We had an excellent lunch, most of us had three courses, sharing two large plates of antipasti at the start and a combination of primi, secondi and dlci at the end. The restaurant seemed a little understaffed considering that it was full and we had to wait a little longer than we would have liked for a drink or something to eat, however, once the first plate arrived everyone began to relax into the holiday mood.  The wine list was extensive but every bottle that I recognised was marked up nearly three times from it’s shop price, an unusually high mark up in Italy. As a result we ordered the house wine, a red and white from the Pucciarella Winery, always perfectly drinkable, but priced at €12 when you can buy it at €3.50 in the shop.

 

The view and the food made this a great location for lunch, I would definitely return here for a special occasion, our meal cost around €30 /head. I am willing to accept that our (initially) slow service was because the restaurant was exceptionally busy but the price of the wine would be the only thing that might make me decide in favour of a different location. If you are here on holiday this is likely to be outweighed by the stunning location, the great food and the fact that you probably don’t have a list of local wine prices stored in your head!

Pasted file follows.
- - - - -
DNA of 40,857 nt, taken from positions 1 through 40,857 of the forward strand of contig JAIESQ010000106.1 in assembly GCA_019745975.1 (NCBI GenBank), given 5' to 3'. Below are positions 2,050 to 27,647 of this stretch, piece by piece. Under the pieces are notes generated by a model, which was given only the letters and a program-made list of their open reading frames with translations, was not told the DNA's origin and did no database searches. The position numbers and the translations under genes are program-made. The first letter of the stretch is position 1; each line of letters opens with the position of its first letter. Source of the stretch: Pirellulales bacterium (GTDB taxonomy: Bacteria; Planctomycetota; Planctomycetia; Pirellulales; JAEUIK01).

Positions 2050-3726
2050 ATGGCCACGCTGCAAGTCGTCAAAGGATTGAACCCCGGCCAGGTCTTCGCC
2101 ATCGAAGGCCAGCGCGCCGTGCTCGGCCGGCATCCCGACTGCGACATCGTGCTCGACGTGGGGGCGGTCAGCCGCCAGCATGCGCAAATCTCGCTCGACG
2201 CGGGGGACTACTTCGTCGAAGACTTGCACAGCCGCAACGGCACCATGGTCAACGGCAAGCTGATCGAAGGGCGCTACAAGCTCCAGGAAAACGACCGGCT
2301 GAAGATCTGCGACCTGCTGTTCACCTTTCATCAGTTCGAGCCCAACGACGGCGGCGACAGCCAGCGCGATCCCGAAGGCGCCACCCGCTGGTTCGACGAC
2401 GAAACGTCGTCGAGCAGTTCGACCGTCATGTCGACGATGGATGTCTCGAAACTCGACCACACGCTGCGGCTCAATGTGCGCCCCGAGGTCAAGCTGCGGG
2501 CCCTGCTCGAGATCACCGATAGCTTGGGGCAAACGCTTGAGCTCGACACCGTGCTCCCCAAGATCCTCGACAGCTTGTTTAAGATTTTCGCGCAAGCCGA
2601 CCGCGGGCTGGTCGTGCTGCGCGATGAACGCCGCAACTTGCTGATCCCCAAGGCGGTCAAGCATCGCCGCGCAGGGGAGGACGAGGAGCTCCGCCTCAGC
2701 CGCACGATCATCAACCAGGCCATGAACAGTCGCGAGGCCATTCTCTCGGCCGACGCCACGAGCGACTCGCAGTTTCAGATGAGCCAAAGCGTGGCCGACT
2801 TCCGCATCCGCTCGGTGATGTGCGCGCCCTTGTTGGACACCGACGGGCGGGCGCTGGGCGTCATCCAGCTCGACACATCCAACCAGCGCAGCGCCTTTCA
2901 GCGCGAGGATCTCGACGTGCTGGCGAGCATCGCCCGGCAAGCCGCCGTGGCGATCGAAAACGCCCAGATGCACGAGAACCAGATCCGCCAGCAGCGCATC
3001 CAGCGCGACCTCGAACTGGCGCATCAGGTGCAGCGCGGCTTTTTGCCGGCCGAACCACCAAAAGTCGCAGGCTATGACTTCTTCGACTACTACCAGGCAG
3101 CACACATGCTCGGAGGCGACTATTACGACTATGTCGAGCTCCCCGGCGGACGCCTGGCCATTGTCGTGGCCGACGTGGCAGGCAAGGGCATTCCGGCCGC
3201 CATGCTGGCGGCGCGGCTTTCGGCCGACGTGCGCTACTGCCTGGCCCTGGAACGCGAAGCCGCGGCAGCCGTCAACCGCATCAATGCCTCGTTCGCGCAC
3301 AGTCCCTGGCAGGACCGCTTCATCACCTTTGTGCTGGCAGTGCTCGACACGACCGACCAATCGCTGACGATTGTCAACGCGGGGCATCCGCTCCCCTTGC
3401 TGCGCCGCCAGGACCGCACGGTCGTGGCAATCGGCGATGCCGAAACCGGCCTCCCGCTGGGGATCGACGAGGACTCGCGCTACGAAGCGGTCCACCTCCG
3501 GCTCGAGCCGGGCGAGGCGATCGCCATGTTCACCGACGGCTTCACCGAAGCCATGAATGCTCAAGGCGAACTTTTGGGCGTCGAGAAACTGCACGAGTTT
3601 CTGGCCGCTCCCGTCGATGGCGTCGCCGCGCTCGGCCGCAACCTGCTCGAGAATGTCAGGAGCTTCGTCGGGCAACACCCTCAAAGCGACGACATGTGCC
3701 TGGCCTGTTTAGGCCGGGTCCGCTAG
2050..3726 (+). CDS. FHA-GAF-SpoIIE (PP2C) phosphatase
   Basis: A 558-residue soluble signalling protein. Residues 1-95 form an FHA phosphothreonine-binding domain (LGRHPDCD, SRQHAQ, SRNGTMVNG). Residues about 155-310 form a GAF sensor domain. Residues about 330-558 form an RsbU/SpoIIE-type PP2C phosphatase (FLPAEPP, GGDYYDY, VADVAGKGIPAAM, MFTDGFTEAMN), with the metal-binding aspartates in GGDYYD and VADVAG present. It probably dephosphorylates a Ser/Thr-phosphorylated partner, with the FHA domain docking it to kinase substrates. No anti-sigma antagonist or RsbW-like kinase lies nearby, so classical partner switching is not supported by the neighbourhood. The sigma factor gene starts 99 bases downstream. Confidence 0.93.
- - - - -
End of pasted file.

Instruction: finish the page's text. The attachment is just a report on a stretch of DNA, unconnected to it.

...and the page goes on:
A Tour At The Mezzetti Winery, Vernazzano, Lake Trasimeno, Umbria

As you may know I run a tour a I Girasoli di Sant’Andrea Winery in the Niccone Valley. I have recently qualified as an Italian sommelier and am always interested to try wines and visit other wineries. In the last few years, the wines from Lake Trasimeno have caught my attention for their quality and great value for money. As the Lake is close to many of our rental villas I’ve been thinking about putting an itinerary together for a wine themed tour in this area. Last week I visited the Mezzetti winery on the north shore of Lake Trasimeno. The winery is just outside the village of Vernazzano, well known in the area for its leaning tower. You can read about a Walk From Tuoro To The Leaning Tower of Vernazzano by clicking on the link.